The Syrian disturbances brought about a French occupation, which Fuad Pasha, ably seconded by Ahmed Vefyk Effendi, the Turkish ambassador in Paris, contrived to restrict, and to terminate as soon as possible.
Seeing the rapid increase of the financial burdens of the state, a commission of experts, British, French and Austrian, was charged, (1860) with setting the affairs in order, and with their assistance Fuad Pasha drew up the budget accompanying his celebrated report to the sultan in 1862.
Apart from unimportant modifications, the form of the budget must have remained unchanged until the organic reforms of Selim III., while its complete transformation into European shape dates only from the year 1278 (1862), when Fuad Pasha attached a regular budget to his report on the financial situation of the empire.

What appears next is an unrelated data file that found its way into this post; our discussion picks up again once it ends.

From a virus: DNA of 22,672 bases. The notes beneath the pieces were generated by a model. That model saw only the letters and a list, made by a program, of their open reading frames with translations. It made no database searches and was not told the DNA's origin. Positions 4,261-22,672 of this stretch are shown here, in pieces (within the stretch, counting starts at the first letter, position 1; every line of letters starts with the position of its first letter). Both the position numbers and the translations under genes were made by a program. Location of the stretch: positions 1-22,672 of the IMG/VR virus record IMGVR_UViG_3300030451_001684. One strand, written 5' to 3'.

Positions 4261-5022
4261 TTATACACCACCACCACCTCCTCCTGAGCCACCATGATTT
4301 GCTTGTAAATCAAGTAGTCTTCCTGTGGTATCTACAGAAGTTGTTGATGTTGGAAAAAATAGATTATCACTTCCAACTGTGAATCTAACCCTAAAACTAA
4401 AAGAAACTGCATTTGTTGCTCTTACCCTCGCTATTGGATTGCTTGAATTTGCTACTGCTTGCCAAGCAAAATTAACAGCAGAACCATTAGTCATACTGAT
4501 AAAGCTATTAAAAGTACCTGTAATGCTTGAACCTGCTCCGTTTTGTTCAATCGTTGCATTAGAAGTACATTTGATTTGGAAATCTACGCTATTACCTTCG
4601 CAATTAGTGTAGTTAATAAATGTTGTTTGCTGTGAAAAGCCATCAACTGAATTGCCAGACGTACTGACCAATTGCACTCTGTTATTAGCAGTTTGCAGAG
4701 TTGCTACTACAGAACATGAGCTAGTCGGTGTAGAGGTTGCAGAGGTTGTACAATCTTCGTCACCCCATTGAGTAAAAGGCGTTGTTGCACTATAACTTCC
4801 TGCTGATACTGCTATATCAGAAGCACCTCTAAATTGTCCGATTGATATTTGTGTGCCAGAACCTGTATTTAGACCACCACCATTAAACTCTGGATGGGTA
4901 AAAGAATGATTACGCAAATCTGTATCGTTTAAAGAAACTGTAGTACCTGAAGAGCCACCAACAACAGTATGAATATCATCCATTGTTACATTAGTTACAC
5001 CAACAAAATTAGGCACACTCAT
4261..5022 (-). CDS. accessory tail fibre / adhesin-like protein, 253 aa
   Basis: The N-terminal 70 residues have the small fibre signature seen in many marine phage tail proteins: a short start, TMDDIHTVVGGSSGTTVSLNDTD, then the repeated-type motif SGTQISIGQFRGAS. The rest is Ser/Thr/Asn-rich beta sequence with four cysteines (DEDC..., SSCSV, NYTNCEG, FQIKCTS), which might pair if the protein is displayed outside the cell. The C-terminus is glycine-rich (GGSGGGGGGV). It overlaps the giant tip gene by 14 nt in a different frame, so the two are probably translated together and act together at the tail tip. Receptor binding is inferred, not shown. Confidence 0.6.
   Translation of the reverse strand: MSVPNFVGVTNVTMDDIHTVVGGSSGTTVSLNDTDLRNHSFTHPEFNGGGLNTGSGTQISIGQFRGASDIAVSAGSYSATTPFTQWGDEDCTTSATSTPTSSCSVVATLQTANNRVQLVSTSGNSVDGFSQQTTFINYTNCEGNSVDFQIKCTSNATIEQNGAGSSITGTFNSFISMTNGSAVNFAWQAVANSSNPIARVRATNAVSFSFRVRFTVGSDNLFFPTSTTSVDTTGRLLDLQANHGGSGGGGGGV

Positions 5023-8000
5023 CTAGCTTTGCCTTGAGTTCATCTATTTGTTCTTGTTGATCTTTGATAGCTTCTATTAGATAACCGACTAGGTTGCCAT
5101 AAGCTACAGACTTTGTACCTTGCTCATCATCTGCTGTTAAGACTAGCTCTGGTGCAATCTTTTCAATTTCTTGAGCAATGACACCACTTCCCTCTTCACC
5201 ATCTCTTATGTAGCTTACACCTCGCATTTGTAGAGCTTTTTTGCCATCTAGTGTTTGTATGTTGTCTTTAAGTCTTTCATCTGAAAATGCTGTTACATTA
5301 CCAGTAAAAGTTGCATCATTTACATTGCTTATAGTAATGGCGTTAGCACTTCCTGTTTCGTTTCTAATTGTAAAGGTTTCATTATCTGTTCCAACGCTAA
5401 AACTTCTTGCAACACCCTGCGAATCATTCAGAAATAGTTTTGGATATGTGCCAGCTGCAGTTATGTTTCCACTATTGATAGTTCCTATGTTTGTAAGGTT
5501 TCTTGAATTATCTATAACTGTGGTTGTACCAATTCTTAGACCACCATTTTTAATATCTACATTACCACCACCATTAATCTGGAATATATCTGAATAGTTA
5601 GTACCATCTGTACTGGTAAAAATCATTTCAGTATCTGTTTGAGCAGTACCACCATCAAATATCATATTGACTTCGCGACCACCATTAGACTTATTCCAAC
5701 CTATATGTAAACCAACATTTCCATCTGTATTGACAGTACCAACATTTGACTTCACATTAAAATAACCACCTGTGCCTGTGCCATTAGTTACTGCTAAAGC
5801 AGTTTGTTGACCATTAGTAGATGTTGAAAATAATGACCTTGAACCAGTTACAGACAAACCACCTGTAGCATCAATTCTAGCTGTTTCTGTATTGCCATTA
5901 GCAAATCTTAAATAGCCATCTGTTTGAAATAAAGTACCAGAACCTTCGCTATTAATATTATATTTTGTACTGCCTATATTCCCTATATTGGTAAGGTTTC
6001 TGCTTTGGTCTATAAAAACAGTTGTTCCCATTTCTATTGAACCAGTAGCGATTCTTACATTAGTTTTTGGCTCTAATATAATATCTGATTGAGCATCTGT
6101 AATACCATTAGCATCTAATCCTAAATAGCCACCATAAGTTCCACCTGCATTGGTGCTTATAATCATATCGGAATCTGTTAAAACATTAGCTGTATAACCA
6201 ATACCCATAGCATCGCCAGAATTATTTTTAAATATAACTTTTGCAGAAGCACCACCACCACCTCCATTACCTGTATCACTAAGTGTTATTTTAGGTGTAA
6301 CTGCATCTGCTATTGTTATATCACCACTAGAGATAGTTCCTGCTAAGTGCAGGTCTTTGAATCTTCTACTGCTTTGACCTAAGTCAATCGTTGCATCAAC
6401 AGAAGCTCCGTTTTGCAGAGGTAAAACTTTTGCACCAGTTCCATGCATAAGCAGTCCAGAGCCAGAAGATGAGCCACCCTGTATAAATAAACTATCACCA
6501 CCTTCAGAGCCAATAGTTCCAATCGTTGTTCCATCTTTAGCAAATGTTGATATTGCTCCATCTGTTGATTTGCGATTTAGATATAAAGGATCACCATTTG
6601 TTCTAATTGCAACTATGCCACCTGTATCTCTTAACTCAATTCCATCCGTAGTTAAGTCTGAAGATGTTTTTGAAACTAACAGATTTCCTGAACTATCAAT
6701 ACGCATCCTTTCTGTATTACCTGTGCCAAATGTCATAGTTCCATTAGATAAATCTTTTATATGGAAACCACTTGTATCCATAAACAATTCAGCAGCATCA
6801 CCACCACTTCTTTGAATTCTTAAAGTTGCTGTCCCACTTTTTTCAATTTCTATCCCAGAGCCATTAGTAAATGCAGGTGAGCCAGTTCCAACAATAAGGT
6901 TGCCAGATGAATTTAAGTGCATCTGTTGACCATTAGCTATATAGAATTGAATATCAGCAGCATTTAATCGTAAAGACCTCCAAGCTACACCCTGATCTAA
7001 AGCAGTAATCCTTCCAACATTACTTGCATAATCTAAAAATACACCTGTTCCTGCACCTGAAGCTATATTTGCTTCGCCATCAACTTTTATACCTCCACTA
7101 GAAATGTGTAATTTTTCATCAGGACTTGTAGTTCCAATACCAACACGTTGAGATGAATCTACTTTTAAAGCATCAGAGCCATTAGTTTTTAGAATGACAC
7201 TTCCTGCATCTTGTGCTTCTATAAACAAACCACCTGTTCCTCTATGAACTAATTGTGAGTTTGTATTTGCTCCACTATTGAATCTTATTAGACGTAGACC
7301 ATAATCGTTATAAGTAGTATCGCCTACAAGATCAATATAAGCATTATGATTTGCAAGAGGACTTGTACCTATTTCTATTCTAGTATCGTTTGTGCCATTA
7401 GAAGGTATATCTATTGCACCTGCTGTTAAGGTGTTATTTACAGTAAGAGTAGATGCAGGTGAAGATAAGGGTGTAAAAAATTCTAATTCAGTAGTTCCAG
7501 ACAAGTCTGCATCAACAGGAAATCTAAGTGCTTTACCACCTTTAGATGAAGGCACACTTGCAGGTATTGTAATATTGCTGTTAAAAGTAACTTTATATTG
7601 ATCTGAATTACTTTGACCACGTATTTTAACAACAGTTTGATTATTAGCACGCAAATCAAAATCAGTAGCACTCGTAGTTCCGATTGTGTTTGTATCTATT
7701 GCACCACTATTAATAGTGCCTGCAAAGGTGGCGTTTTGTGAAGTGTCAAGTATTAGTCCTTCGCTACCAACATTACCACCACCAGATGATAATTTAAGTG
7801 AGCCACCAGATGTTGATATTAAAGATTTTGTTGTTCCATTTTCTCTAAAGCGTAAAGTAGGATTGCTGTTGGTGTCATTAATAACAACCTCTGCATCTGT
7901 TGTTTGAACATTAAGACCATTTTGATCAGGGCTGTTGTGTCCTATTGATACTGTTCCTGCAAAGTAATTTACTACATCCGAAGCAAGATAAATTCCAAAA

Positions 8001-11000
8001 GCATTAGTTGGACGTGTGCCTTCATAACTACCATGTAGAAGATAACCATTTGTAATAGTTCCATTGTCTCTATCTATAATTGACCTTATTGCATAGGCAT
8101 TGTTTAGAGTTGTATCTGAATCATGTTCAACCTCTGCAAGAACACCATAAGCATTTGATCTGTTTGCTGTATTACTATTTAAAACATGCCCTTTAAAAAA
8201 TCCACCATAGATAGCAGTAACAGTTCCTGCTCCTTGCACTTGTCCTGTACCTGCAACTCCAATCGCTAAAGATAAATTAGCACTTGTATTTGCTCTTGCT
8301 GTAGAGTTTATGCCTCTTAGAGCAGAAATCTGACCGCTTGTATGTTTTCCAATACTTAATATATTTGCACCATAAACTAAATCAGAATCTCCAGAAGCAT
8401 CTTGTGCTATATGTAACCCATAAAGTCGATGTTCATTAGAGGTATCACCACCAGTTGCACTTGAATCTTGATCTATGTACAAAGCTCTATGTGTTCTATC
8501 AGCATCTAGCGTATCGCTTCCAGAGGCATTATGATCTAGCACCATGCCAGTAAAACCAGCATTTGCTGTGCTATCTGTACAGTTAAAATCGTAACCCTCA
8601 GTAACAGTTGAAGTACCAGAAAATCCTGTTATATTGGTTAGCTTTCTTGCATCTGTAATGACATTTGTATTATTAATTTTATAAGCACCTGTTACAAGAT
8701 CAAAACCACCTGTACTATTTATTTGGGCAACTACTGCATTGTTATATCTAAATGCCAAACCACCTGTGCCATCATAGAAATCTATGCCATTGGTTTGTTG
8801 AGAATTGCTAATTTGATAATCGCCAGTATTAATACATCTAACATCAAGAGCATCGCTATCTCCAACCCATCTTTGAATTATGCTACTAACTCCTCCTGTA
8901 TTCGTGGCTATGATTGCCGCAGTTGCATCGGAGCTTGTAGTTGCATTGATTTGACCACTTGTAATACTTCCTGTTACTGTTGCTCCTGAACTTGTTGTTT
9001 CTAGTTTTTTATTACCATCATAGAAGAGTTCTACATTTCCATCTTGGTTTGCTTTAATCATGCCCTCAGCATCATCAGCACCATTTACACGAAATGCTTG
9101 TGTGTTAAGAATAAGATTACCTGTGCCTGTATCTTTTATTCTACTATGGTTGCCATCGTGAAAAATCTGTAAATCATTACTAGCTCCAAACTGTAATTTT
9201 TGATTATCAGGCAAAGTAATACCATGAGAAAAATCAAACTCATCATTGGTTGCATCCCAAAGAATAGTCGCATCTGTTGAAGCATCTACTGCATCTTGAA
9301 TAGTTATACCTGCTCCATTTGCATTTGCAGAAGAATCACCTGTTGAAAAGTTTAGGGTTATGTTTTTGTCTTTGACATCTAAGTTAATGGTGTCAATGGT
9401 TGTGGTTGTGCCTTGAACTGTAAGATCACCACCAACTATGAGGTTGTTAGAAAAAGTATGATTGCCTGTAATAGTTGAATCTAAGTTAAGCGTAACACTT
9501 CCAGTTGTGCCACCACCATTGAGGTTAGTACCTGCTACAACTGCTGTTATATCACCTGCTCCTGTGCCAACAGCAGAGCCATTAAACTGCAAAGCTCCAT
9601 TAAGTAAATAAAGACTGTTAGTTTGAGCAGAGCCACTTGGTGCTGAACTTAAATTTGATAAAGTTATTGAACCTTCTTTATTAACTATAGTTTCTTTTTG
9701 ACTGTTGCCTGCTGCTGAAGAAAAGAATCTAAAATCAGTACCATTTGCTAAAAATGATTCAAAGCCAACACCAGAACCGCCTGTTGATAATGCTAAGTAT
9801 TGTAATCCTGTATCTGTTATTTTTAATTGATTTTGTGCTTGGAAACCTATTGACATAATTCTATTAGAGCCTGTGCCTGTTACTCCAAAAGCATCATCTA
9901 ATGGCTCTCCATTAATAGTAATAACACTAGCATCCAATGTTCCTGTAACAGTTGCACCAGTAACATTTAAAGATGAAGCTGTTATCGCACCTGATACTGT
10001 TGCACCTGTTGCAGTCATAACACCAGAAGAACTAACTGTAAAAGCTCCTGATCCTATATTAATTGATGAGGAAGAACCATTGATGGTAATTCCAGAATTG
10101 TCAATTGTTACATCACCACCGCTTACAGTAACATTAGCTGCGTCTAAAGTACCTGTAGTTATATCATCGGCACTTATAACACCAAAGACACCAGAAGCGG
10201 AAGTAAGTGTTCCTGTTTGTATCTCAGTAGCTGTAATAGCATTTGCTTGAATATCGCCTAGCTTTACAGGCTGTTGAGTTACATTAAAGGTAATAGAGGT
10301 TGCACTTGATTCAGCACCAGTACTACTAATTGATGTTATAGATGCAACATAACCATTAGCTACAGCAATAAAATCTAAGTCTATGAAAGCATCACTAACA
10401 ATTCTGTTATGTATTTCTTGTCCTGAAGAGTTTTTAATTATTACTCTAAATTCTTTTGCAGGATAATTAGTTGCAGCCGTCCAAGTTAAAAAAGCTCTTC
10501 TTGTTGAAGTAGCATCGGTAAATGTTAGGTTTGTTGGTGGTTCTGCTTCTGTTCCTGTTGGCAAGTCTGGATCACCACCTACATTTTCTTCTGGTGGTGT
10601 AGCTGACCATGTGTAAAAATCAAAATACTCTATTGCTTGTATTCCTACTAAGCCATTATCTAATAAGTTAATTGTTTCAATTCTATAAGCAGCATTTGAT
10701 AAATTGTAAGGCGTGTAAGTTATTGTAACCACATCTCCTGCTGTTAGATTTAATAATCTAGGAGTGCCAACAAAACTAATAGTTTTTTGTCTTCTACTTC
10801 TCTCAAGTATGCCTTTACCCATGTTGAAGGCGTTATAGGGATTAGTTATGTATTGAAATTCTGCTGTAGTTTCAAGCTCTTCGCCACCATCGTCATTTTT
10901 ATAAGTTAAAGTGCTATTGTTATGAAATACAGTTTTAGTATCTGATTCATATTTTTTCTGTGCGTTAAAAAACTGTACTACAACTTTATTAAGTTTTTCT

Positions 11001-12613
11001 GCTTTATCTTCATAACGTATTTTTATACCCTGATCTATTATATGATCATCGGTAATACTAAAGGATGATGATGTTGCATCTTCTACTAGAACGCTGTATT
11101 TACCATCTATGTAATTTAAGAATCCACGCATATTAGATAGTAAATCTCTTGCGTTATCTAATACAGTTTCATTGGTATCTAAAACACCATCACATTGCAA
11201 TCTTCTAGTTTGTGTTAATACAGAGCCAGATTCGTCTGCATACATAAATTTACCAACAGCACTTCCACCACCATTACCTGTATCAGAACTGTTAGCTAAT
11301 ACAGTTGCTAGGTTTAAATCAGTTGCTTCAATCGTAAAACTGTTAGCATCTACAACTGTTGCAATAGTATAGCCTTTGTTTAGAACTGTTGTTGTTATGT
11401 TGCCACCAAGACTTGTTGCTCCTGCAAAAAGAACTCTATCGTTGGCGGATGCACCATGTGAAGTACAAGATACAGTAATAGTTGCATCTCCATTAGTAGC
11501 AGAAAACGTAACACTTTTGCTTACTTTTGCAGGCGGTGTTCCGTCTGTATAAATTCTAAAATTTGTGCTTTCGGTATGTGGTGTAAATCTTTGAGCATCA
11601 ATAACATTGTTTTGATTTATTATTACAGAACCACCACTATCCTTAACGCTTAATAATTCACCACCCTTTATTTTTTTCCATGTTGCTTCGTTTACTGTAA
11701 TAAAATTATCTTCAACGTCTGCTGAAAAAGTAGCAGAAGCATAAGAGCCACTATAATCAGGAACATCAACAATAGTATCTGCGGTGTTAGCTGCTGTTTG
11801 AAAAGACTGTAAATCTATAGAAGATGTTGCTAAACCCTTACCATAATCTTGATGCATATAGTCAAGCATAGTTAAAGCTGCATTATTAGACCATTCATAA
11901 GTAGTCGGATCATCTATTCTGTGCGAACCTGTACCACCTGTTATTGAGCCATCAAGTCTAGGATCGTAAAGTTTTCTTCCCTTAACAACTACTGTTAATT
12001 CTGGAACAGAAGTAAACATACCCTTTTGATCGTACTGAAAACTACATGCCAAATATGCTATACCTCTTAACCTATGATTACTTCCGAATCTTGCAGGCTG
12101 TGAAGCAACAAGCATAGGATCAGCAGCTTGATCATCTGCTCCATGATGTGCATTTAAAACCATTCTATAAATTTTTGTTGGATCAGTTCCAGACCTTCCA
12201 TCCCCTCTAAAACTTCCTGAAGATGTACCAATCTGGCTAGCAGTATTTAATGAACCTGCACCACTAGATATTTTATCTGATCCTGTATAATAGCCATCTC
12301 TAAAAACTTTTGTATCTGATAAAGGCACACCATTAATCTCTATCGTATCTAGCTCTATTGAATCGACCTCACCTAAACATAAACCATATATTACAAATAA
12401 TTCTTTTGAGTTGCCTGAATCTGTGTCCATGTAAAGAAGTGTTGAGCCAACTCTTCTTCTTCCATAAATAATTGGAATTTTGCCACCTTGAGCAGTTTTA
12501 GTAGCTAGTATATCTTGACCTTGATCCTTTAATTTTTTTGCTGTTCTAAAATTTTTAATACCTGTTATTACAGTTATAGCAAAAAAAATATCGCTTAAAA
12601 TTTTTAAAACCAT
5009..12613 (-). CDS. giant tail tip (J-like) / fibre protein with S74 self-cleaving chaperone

A body of troops was accordingly landed on the 16th of August under General Beaufort d'Hautpoul; and Fuad Pasha, who had been appointed Turkish commissioner with full powers, proceeded to bring the leaders of the massacres to justice.
Under the influence of his friend and instructor, the Mollah Ahmed Effendi, he became, nominally at least, a full Osmanli, and entering the Turkish service, was afterwards secretary to Fuad Pasha.
In 1860 he was made vizier and pasha, and entrusted with the government of Nisch, where his reforms were so beneficial that the sultan charged him, in conjunction with Fuad Pasha and Ali Pasha, to prepare the scheme for adapting them to the empire which was afterwards known as the law of the vilayets.